Interview: Shifted on his new album and the influence of Source Direct

Shifted burst onto the techno scene in 2011 with a raft of releases. Formerly producing electronic music in another genre, he regards the transformation as if “someone had shaken up this bottle for a few years and then the lid came off.” Luke Slater and Mote-Evolver offered their stamp of approval with a full-length last year called Crossed Paths. A smooth and polished techno album, ever since it’s become clear that Shifted has even grittier – and noisier – things in mind. He’s explored these ideas through his many aliases and imprints, but with his new album appearing on Dominick Fernow’s Bed Of Nails imprint this week, the aesthetic has crystallized into a unique voice. It no longer feels like Shifted is trying to make techno – he’s cultivating his own sound within the genre.

In broad strokes, what makes this album different from the first one under the Shifted name?

The first one worked out quite well in the end, but it was certainly premature for me to do. I’d only started the project about, maybe six or nine months before I got asked to do it. I’d done a couple of 12-inches for Mote-Evolver and he just threw the idea at me. I was, like, “Fuck it, why not?” This new one took no time at all. I completed it within about a month to six weeks, something like that. A lot of it was done in headphones because I was in between places, and I didn’t have my studio over from the UK yet. The majority of it was done in a very lo-fi, unprofessional manner.

I do think this one has a much rawer quality.

Yeah. I’ve never been someone that’s been able to spend ages over tracks, mainly because I get so bored and I end up ruining things very quickly. Usually, I’ll go back to version one when I’m on version 20, and version one is far, far better. This was done predominantly using software. I was doing things to make it sound like it wasn’t though. I’d run the entire mix through a guitar amp simulator, and stuff like that, to give it this warm fucked-up sound. Take a lot of the top-end sheen off things, which the first album, certainly, had this quite hi-fi sound to it. This is completely the other route.

If you want to say that there’s this joining, right now, of techno and noise, the first album, to me, was a techno album, and this one’s noisier.

I’ve been involved with scenes before when it’s all gone hard, and that’s been the death of it.

Yeah. I still think it’s very much a techno album. It’s definitely got an element of that to it, but I wouldn’t say I set out to make a “noise techno” record. There’s way too much of that at the moment. As well as this hard techno thing which, somehow, I’ve been banded in with, although I’ve never seen myself like that at all. It’s not really something that I find interesting at all. In fact, I think it got stale almost immediately.

It seemed obvious from the get-go: Where is this all heading?

Yeah. I’ve been involved with scenes before when it’s all gone hard, and that’s been the death of it.

Now that you’ve had an experience of writing this music, what are the things that you feel took time to learn?

I think, certainly when I started out, it was all about this kind of template. 16 bars, then this happens. 16 bars, then this happens. When people are coming from that approach to writing music, it’s difficult to let go and accept the fact that, sometimes, the best thing to do with a loop is do nothing at all. I’m very much into this stripped back approach to things. I try to find ways to make it sound like there’s more going on than there actually is. I like the idea that these loops perpetually repeat and suck you in more and more, and you pick up on more of these little nuances the more you listen to something. For a lot of my friends, they listen to that and they can’t get their heads around it. They’re just, like, “OK, so when’s it going to do something?” And I say, “Well, it’s not.” And that’s the point. It’s about having the balls to let go, and let it do its fucking thing.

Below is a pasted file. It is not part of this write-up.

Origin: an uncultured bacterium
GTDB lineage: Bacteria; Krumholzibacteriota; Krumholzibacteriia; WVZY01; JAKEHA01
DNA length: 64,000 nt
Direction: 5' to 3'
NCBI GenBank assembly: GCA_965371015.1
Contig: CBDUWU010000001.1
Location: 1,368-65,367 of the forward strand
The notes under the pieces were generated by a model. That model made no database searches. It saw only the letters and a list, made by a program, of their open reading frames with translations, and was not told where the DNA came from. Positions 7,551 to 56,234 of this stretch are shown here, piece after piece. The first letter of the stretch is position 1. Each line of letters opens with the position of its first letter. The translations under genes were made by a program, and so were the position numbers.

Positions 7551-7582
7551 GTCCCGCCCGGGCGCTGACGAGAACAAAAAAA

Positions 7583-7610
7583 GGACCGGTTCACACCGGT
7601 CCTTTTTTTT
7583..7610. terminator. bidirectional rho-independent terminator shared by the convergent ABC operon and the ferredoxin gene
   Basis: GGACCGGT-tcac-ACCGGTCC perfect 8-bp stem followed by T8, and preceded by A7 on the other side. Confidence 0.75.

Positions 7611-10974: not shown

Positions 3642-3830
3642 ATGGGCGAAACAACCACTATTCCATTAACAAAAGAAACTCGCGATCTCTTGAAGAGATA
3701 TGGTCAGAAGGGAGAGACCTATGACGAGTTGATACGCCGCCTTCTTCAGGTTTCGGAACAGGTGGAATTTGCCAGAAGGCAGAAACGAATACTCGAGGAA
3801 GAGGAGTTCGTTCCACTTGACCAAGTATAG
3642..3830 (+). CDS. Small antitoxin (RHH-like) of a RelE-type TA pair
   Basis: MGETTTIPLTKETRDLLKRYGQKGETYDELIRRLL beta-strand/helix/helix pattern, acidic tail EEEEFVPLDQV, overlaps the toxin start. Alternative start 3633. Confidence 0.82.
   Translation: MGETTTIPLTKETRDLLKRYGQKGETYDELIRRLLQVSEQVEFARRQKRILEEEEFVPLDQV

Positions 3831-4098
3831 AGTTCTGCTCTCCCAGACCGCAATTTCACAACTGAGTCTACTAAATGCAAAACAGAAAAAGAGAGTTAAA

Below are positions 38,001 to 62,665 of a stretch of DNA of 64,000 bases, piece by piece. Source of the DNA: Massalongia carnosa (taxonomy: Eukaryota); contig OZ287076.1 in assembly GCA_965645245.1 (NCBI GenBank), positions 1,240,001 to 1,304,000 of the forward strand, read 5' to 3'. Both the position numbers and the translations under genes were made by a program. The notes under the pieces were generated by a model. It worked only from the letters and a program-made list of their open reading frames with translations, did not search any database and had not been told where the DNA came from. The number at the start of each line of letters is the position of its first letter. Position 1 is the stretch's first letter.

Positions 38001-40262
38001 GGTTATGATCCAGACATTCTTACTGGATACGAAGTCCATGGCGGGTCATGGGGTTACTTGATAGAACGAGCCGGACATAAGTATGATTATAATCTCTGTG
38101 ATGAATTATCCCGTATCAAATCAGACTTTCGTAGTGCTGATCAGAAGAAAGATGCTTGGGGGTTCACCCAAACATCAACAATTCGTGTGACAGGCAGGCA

Do you sit around and let that loop play for a long time?

Yeah. If you look at my arrangements when they’re stretched, tracked out in Ableton or whatever, then sometimes it’s just a long block with nothing really happening at all. I like that. I get my satisfaction from the little things that I place in around it and the processing of the stuff to make it more than the sum of its parts.

How did the album end up on [Dominick Fernow’s] Bed Of Nails?

I caught up with him when he was in Berlin, and I played the album to him. He immediately said, “Why don’t we do it on Bed of Nails?” I really liked the label. I liked the fact that it isn’t just a techno label. It’s got an edge to it. It’s not the same bunch of artists that are in the same kind of pool as me. It’s nice to be a little bit out there, but still be able to do what you do and have it, maybe, appreciated by a slightly different audience and presented in a slightly different way.

Bed of Nails has got this very techno edge to it. But if you listen to another record on there like the one Alberich did as Bronze Age, it’s this fantastic techno record written by someone who has no grounding in techno at all which is what makes it exciting to me. Coming from a similar background, being a bit of a… You know, I wasn’t listening to this stuff in the ’90s. Which I think and hope is maybe the reason why this whole Shifted project has done better than it probably should have done – because it’s written by someone that is slightly out of it.

So if you pinpoint influences for this project, in the past you’ve mentioned Chain Reaction, the Birmingham techno sound (Surgeon, Regis, etc.) and Mika Vainio – especially his Philus project. Are there any other names worth mentioning?